UCSB should be in same supervisor district as SBCC because of issues such as housing
Every 10 years, governments ranging from school boards to Congress take on the difficult task of redrawing political boundaries to balance population with updated census numbers. While most pay attention to this process at the federal level due to the impacts it can have on the balance of power in Congress, far fewer pay attention to the lines being redrawn at the local level, right here in Santa Barbara.
The lines the Santa Barbara County Citizens Redistricting Commission will draw in the coming weeks will affect Santa Barbara residents for the coming decade. The Santa Barbara County Board of Supervisors is composed of five districts whose representatives manage the over $1 billion county budget, which funds programs involving health care, social services, local environmental issues and more.
Of particular concern is the fact that the current supervisor lines split the communities of UCSB and Isla Vista off from a significant portion of Goleta and Santa Barbara City College.
I went to SBCC and am now at UCLA. Due to the pandemic keeping me in Santa Barbara most of this year, I ended up spending much more time at UCSB than my own school, where I have made many friends.
Students at UCSB work, live, visit and spend time in Santa Barbara. For most students, despite being only 30 minutes from Lompoc, Santa Ynez or Santa Maria, these communities are worlds apart. (I haven’t met a single UCSB student who has been to any of these places). Likewise, the homeowners of North County see their communities as significantly different than the university area.
On the contrary, Santa Barbara City College and UCSB have a symbiotic relationship.
Between 2006 and 2011, 71% of SBCC’s transfers to the UC system went to UCSB, and one of every three UCSB transfer students came from SBCC. The majority of UCSB students live in Isla Vista, along with nearly 20% of SBCC students.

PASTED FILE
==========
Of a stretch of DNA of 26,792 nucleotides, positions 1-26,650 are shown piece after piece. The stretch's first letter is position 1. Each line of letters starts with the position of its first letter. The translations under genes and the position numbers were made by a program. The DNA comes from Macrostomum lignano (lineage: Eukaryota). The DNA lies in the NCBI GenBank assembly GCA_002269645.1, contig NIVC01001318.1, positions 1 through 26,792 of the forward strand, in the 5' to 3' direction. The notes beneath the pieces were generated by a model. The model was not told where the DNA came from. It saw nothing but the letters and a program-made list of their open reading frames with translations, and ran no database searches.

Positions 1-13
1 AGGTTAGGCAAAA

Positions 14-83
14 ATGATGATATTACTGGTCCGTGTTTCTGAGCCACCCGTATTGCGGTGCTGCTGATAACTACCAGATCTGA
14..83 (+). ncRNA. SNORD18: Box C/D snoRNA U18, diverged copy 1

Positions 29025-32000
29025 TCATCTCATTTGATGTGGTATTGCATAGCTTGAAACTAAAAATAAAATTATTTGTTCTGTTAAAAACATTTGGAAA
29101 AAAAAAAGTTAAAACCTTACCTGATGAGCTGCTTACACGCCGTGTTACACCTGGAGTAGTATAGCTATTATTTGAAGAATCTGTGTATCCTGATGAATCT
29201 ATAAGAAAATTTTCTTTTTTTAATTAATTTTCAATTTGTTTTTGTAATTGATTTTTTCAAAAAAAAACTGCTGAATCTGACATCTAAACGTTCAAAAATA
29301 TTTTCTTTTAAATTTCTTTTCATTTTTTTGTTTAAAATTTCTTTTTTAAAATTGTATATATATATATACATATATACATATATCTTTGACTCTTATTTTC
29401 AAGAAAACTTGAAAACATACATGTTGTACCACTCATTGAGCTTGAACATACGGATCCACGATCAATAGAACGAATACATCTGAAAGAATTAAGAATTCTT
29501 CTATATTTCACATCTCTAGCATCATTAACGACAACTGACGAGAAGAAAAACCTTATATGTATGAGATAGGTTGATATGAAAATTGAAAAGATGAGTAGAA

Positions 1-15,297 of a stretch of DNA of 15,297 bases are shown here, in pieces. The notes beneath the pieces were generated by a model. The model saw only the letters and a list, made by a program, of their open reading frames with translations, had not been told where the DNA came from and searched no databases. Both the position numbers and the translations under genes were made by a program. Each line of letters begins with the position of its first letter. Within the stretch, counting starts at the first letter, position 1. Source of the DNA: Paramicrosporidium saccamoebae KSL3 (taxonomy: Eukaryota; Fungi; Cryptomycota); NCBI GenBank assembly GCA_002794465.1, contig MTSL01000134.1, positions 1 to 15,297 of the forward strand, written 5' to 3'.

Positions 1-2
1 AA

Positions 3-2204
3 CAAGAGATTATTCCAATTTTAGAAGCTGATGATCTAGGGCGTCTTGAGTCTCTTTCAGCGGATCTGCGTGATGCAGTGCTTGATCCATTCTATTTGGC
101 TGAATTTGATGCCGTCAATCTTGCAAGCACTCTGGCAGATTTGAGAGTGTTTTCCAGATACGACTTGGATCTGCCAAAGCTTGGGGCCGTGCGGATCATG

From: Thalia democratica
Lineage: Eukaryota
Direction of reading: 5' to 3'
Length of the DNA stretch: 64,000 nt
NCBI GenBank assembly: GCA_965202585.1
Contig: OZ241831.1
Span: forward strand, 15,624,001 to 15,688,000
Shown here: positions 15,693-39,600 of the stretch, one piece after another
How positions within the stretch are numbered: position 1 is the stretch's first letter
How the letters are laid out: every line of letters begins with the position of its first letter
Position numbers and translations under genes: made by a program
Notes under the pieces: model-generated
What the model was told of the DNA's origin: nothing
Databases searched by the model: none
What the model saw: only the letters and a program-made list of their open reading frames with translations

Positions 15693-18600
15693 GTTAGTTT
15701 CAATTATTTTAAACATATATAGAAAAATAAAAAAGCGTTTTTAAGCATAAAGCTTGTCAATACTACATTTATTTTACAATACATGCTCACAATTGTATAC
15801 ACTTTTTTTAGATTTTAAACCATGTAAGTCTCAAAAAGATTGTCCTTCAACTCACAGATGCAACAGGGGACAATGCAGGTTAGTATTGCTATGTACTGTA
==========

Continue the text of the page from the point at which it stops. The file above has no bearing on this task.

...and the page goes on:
The schools reside in the same school district and UCSB students and staff vote in SBCC governing board elections. These shared interests in representation are evidenced by the fact that UCSB students drove Johnathan Abboud, Isla Vista’s Community Service District general manager, to win a seat on the SBCC governing board.
Compare that relationship with that of UCSB and Allan Hancock Community College in Santa Maria.
Allan Hancock students are more likely to commute from their homes, less likely to rent, and there is no student housing on campus. The student population of Allan Hancock is widely dispersed throughout the North County while UCSB and SBCC students and faculty are largely concentrated in the same neighborhoods.
By far, shared interests are most visible through the lens of housing issues. No issue has a larger impact on the everyday lives of communities in Goleta, Isla Vista, UCSB and SBCC than housing.
In the wake of the resignation of architect Dennis McFadden from the Munger dorm project and the ensuing media and public ire toward the construction of the hideous structure, the question arises: while the Munger project is definitely closer to a cruel physiological experiment than a college dorm, is this outrage doing to relieve the housing crisis? The communities surrounding UCSB are suffering, and housing shortages plague the area. With the return to in-person instruction this fall, the school resorted to housing students in hotel rooms.
Rental prices in Isla Vista have already held the spot of “most expensive per bedroom in Santa Barbara county” for years, and the best solution UCSB has come up with so far is a window-less dorm akin to a prison.
The city of Goleta, home to a large population of students and professors, has resorted to suing the university due to the damages that overenrollment and underdevelopment are causing for the Goleta economy and housing market. The UCSB a long-term Development Plan had stated that before 2025 or the student body exceeds 25,000, they would build more housing, yet in 2018 had already exceeded that student population by nearly 1,000, and had built no additional housing.
The community is fracturing under the weight of these issues, and that division is fed by the fact that these communities are represented by two different supervisors with conflicting goals and priorities.
To start bringing some unity to this issue, combining representation of communities with like interests to encourage cooperation over conflict would be a great place to start.
Isla Vista, Goleta, UCSB and SBCC have complex, interwoven interests and should be kept together in one district. The current lines split this unique community and place half of it with distant cities that share absolutely no commonalities with the Santa Barbara area.
Our community is stronger together. We need a representative who can speak for all of the university community in Santa Barbara, for everyone who is feeling the effects of the housing shortage, and for the most diverse and environmentally conscious area in Santa Barbara. This year the Santa Barbara County Citizens Redistricting Commission has the opportunity to right the wrongs of10 years ago.
They should draw UCSB and SBCC, along with all of Goleta and Isla Vista together in the same district to ensure that we can bring real, consensus solutions to issues facing our beautiful community.
The author is a former SBCC student